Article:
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Re: Binding Home and End
- X-seq: zsh-users 14764
- From: Bart Schaefer <schaefer@xxxxxxxxxxxxxxxx>
- To: zsh-users@xxxxxxx
- Subject: Re: Binding Home and End
- Date: Sun, 31 Jan 2010 15:43:00 -0800
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On Jan 31, 10:56pm, Frank Terbeck wrote:
} Does somebody on the list actually know why such a distinction was made
} at all? And why it would make sense to have a key like `HOME' send
} different bytes depending on which mode is active?
I'm probably propagating a bit of hearsay here, so don't take this as
gospel ... I haven't been able to confirm any of it by Google search,
but haven't been able to refute it either ...
Way back in the '80s when the unix terminal drivers and the original
"curses" packages were being invented, graphical windowing systems were
rare to non-existent. Most computers were time-sharing systems accessed
via big cathode-ray-tube TV-set-like devices with built in keyboards,
which were called "terminals". These were the same "terminals" that
were used for doing all kinds of data-entry and lookup tasks on mainframe
computers running Unisys and IBM operating systems and other things most
of you probably never heard of and will never see.
There were no such things as mice; all cursor motion had to be controlled
with arrow keys on the keyboard or coded sequences from the application.
Data entry was often done using forms that filled the entire screen (all
80 columns and 24 lines of it, sometimes less, sometimes as many as 132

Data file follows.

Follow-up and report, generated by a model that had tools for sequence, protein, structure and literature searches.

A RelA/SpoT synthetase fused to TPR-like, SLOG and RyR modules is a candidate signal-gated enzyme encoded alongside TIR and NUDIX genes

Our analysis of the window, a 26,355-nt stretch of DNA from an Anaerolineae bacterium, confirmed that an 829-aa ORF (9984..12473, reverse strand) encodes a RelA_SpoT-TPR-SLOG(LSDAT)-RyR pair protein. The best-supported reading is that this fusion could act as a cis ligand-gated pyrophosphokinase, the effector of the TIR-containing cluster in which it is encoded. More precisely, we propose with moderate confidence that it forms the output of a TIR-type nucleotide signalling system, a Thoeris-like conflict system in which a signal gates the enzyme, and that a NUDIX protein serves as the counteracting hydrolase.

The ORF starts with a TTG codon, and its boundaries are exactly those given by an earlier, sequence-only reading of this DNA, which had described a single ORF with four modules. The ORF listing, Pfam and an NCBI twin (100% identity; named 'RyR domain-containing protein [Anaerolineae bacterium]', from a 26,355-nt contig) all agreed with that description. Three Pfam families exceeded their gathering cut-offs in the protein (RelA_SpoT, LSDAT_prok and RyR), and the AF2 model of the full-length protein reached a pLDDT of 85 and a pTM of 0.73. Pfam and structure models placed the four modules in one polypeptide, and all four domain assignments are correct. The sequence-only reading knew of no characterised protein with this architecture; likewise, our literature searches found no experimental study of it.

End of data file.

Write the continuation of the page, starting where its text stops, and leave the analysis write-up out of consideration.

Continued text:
columns), laid out something like HTML forms, with labeled input fields;
but the application had to track the location of the cursor to know what
data was being entered in what field.
In other cases the application didn't really care where the cursor was,
the user of the terminal could move it around for his own purposes.
Consequently keyboards frequently had two operation modes: One in which
the key press would cause the terminal's internal hardware to move the
cursor as well as send a sequence, and one where the character sequence
left the cursor unmoved but sent codes meant to be trapped so that the
application could later control the movement of the cursor. When you
only had a few hundred baud of bandwidth to work with, moving the
cursor without having to transmit data in both directions might be a
An application that needed to map the entire screen for data entry would
put the terminal in "application transmit mode" so that it could control
the cursor placement, and possibly optimize the instructions that it had
to send back to the terminal to move the cusor from field to field rather
than just one character up/down/left/right, again in the name of saving
On top of this, many terminals had keypads that could be turned on and
off, the kind you still see on most PC keyboards with numbers and arrow
(and home/end/pgup/pgdn) keys overlaid. "Newer" keyboards that had both
a separate set of arrow and paging keys along with a keypad could be
switched to have all the keys send distinct codes or to have the keypad
arrows send the same codes as the stand-alone arrow keys. Others had
whole additional keypads for text editing operations, function key labels
overlaid on the paging keys, etc. So there were all sorts of control
sequences that changed which keys sent what codes in what circumstances.
Sometimes there were custom hardware terminals for specific software
The termcap and terminfo databases and eventually a standard were all
developed to try to keep track of and make sensible use of all of this
complexity, and by now some of the distinctions and special cases have
mostly fallen into disuse ... but we're still left with emulators that
employ the standards and support the quirks of those old terminals.
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